Jose looks to Saints to end nightmare run

LONDON • Chelsea manager Jose Mourinho has conceded that his side's poor start to the season represents the "worst period" in his coaching career.

The English champions go into today's Premier League clash against Southampton at Stamford Bridge in 14th place, with just two wins in seven league matches and four victories in 11 games in all competitions this season.

No team have gone on to win the Premiership title after such a start.

"I define this as the worst period in my career, with the worst results in my career," said Mourinho, who has been a football manager for close to 15 years.


It is not the hardest challenge of my career but it is the worst period. I've never lost so many matches, that is a fact.

JOSE MOURINHO Chelsea manager

"It is an experience that I don't want to repeat, I want it to finish tomorrow. I am hoping for it to be better but it has been a great negative challenge. It is not the hardest challenge of my career but it is the worst period.


What's a Special One? It is someone who has a good mentality to be the best but it's not for yourself to mention that.

RONALD KOEMAN Southampton boss on Mourinho's self-styled title as 'Special One'

"I've never lost so many matches, that is a fact."

On Tuesday, the Blues fell to their fifth defeat of the campaign when they lost 1-2 to Porto in the Champions League.

Chelsea have lost to Manchester City, Crystal Palace and Everton in the Premier League, as well as Arsenal in the Community Shield.

The five defeats are already as many as they suffered in the whole of last season.

But Mourinho believes Chelsea can be a dominant force again.

"I keep thinking the same. I told you before Arsenal (in the league, which Chelsea won 2-0) - I think we can win every game," he said.

"We are capable as a team to win against anyone - Champions League, Premier League - we are capable of that."

The self-style "Special One" has won 22 major trophies.

While Southampton manager Ronald Koeman acknowledges that Mourinho is a leading manager, he is not too sure about the moniker.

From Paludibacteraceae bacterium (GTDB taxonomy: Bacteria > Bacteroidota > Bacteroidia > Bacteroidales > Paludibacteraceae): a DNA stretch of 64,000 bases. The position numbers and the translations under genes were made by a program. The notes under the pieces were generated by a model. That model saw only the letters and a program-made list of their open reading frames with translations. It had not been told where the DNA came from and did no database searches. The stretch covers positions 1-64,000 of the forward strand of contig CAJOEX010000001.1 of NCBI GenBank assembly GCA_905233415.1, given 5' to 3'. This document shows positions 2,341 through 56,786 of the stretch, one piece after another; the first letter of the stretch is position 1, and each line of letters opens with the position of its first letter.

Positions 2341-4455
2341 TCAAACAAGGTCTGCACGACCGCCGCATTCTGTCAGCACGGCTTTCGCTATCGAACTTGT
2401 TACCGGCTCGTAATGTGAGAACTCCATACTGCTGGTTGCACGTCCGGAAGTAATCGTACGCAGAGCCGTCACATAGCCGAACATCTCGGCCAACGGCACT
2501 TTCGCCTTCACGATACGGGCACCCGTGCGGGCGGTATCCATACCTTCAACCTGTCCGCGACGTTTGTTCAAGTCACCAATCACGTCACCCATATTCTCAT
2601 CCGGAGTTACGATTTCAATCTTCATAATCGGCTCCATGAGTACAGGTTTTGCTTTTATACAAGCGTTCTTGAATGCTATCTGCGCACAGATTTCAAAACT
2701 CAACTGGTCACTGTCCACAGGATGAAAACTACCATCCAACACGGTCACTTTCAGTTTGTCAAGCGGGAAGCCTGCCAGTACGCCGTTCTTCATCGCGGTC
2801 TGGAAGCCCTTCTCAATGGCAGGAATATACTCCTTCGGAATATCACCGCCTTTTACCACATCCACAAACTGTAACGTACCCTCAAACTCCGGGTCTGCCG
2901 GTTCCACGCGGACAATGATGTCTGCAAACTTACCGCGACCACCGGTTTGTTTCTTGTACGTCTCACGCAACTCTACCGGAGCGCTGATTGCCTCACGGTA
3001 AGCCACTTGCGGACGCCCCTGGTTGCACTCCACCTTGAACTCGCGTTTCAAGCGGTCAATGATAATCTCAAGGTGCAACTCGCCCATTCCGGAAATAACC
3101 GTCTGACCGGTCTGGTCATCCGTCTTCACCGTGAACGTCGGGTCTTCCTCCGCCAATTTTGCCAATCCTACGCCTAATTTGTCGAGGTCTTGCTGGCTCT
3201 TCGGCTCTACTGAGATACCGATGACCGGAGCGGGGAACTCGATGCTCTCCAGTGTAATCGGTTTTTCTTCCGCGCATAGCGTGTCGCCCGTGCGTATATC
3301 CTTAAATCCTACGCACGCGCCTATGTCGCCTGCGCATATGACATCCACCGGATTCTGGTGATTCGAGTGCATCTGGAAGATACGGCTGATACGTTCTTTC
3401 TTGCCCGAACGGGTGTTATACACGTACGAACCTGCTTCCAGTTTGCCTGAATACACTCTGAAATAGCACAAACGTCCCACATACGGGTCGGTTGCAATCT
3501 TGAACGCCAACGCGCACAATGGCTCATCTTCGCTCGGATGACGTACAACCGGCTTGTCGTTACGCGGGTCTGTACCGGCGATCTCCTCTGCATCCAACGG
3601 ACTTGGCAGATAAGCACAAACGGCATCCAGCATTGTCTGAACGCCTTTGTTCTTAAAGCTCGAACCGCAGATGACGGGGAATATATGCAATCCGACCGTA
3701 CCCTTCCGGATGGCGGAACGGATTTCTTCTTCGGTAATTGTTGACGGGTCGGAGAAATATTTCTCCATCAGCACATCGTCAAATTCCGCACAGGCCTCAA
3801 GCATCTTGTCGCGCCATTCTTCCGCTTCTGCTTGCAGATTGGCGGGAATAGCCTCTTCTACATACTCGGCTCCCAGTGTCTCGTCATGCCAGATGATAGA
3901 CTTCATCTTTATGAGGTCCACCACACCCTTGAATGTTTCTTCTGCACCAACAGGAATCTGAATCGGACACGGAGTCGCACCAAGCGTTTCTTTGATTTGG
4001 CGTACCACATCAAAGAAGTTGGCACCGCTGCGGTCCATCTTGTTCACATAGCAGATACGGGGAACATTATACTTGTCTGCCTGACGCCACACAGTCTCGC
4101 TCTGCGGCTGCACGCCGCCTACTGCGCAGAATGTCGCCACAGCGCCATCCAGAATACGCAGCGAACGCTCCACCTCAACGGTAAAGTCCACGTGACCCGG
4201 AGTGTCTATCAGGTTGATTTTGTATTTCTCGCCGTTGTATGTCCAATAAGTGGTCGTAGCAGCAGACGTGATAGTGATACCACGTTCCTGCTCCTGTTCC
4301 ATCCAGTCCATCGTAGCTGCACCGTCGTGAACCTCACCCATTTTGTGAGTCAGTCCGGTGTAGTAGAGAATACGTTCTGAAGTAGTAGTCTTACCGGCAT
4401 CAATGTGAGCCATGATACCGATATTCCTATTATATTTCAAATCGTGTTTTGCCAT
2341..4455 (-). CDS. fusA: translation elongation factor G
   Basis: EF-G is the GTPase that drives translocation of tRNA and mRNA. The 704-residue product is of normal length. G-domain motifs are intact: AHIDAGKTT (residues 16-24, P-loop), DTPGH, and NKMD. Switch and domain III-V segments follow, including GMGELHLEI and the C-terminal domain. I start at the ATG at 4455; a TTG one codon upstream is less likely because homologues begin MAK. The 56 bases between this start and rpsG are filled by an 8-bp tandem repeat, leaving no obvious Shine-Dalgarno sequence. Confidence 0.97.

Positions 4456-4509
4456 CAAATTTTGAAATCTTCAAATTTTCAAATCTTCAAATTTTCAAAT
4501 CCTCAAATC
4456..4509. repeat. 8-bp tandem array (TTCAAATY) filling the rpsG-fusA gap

"He is a winning coach. I like how he has done, he's an example to all managers," the Dutchman, whose Saints held Chelsea to two draws last season, told the BBC.

"In some ways, he's special but what's a Special One?

"It is someone who has a good mentality to be the best but it's not for yourself to mention that."

Koeman could yet mastermind another good result against Mourinho today.

Southampton have allowed the fewest shots on target in the league this season while no team have allowed their opponents more shots on target than Chelsea.

The Blues, who kept 17 league clean sheets last season, have kept just one so far against nine-man Arsenal, and have conceded 14 goals.

Only Sunderland, who are bottom, have let in more in the league.

Meanwhile, Mourinho refused to be drawn on the subject of Eva Carneiro, the former first-team doctor who quit after being criticised by the manager.

Although he was cleared by the FA of discriminatory charges against the doctor, FA chairman Greg Dyke said on Thursday that Mourinho was in the wrong and should have apologised.

Carneiro broke her silence yesterday, revealing she was "at no stage requested" by the FA to make a statement about Mourinho's alleged sexist remarks towards her during the match against Swansea on Aug 9.

"Choosing to ignore some of the evidence will surely influence the outcome of the findings," said Carneiro in a statement, adding that she was also the subject of verbal abuse at West Ham last season.



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A version of this article appeared in the print edition of The Straits Times on October 03, 2015, with the headline 'Jose looks to Saints to end nightmare run'. Print Edition | Subscribe